Tuesday, April 17, 2012

Tummy Toning Tuesday: Step 3 of The Tupler Technique


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Welcome back to Tummy Toning Tuesday!


Let's review the 4-Step Tupler Technique®  that rehabilitates a diastasis recti, or separation of the outermost abdominal muscles.





The 4-Step Tupler Technique® includes:

  1. Tupler Technique® Exercises (Elevator, Contracting & Headlifts)
  2. Splinting with the Diastasis Rehab Splint®
  3. Using your abdominals correctly with activities of daily living
  4. Getting up and down correctly


Today we are going to focus on step 3, but you may want to review Step 1 and Step 2 before you read today's post on how to use your abdominals correctly in daily living.


Step 3 - Using Abdominals Correctly 


When trying to heal (or prevent) a diastasis recti, it is essential to learn how to engage the transverse (inner abdominal muscle) during normal daily activities.  Strengthening the transverse muscle, also known as the core, also strengthens and protects the back and the pelvic floor, in addition to delivering a flatter stomach.


When your transverse muscle is very weak (as mine is), this is challenging!  However, it is absolutely necessary to learn to contract the transverse muscle throughout the day, especially when doing any movement that might put pressure on the abdominal area.  The key is to avoid any forceful, forward movement.


Because of the necessity of avoiding any forceful, forward movement, you will need to support your transverse muscle with your hand, if possible, before coughing, sneezing, bearing down, or lifting something heavy.  I understand that this is not always realistic! However, it is imperative that the transverse muscle be engaged before performing any of the above actions.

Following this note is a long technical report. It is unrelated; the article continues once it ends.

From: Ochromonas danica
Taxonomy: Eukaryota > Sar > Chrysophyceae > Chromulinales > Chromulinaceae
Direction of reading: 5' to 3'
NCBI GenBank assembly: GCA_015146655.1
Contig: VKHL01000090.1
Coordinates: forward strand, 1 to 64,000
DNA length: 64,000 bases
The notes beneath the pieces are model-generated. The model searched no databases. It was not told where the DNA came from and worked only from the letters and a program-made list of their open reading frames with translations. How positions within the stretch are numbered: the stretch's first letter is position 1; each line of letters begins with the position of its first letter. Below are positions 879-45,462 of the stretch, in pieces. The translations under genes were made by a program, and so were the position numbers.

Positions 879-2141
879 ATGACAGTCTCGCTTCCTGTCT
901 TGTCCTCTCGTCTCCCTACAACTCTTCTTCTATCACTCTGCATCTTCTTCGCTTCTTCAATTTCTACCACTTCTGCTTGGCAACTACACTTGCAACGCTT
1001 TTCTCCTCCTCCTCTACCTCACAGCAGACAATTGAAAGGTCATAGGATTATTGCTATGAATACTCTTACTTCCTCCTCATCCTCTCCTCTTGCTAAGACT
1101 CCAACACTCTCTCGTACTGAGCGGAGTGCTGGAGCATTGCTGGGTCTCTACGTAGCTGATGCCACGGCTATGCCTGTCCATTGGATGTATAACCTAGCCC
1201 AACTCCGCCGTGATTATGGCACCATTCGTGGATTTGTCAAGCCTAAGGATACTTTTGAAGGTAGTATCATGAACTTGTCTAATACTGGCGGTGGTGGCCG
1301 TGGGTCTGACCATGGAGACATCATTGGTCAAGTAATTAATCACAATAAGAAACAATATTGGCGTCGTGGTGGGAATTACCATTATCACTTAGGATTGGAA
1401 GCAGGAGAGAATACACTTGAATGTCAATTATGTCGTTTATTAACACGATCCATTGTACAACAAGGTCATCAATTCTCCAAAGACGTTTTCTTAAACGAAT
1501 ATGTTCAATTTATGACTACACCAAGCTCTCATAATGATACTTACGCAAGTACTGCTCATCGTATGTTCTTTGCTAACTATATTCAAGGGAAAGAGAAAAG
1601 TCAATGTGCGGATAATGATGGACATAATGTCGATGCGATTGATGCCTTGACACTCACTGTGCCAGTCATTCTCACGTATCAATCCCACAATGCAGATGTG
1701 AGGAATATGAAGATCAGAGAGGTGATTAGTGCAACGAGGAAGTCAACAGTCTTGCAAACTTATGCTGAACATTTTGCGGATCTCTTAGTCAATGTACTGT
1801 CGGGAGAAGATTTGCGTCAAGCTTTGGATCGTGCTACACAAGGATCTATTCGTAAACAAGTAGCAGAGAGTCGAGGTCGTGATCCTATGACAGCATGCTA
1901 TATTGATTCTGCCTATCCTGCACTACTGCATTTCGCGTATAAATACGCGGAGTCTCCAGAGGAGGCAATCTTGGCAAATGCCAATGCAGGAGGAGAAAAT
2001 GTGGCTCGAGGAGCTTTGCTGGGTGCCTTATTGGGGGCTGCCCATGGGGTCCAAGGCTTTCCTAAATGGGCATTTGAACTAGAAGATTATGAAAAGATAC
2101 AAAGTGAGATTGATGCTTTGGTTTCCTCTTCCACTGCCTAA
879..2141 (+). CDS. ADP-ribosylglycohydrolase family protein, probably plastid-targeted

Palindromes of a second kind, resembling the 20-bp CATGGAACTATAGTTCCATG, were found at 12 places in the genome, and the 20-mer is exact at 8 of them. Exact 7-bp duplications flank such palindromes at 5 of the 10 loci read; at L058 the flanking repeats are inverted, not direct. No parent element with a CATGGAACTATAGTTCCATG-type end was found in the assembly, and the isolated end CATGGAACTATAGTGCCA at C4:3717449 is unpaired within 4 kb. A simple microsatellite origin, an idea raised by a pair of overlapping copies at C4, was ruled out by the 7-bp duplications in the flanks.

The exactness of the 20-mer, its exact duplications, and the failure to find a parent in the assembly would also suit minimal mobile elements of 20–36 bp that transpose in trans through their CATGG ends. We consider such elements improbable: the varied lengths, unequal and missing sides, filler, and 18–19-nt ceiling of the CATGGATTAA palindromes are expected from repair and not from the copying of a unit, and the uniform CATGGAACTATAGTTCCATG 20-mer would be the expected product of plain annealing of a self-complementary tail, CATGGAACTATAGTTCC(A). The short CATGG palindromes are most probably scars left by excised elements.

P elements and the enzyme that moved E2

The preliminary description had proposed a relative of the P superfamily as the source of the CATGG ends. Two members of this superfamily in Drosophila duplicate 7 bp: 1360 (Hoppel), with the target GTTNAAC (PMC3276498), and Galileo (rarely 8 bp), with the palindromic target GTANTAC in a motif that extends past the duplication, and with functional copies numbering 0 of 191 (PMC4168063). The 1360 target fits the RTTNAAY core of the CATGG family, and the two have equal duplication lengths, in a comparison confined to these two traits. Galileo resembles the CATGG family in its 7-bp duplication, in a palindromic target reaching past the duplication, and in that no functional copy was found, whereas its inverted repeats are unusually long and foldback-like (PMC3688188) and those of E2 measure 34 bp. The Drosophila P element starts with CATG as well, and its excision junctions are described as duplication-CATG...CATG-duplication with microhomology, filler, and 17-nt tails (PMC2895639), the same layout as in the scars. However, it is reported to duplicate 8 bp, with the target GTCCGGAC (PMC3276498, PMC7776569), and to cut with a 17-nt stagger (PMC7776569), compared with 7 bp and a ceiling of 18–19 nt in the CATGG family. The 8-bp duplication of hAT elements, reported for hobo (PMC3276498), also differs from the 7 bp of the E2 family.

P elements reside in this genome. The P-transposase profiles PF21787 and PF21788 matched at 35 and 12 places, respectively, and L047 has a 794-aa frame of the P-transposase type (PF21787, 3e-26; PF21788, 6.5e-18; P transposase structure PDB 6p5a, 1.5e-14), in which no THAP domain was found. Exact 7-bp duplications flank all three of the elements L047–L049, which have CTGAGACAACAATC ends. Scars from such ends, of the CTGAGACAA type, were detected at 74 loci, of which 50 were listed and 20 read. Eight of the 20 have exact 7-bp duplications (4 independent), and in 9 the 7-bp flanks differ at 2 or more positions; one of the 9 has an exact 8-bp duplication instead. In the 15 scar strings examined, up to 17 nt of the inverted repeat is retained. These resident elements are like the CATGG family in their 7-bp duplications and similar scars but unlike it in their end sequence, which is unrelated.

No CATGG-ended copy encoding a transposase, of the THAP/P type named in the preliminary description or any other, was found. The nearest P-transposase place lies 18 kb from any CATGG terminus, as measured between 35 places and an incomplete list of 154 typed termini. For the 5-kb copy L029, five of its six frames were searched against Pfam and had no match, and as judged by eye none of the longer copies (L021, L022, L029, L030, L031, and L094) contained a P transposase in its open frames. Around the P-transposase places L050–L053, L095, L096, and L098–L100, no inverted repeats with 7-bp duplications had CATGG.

Julie Tupler's motto is that your transverse muscle is your best friend!  She recommends being aware of your transverse muscle before engaging in any activity.  If you cannot do the activity and keep your transverse muscle engaged, you should refrain from that activity.


According to Julie Tupler, it is impossible to engage the transverse muscle when lying on your back with your head lifted off the floor; therefore, you should NEVER do sit ups, crunches or Pilates 100 moves!  No, never!  She also suggests avoiding any exercises or activities done in a hands and knees position, because it is extremely difficult to keep the transverse muscle engaged in such a position!  


Learning to use the abdominals correctly in normal, daily living includes supporting the abdominals during any forward, forceful movement, avoiding activities and positions that   can't be done with the transverse muscle engaged, contracting the belly button to the spine when exhaling, and keeping the transverse muscle engaged throughout the day.  


To see demonstrations of how to use your abdominals correctly in daily living, refer to the Lose Your Mummy Tummy DVD.  If you are curious about what kind of abdominal exercises are safe to do, click here to read Julie's answers to common questions.


My Journey


I've discovered that whenever I bend down to unload the dishwasher, get the crock pot out of the bottom cabinet, or pick something up off the floor, I tend to relax my abdominals and "just let it all hang out!"  So, it is taking a lot of focus and concentration for me to remember to engage my transverse muscle before any and all activities!  


How about you?  Do you engage your abdominals during routine activities of daily living??






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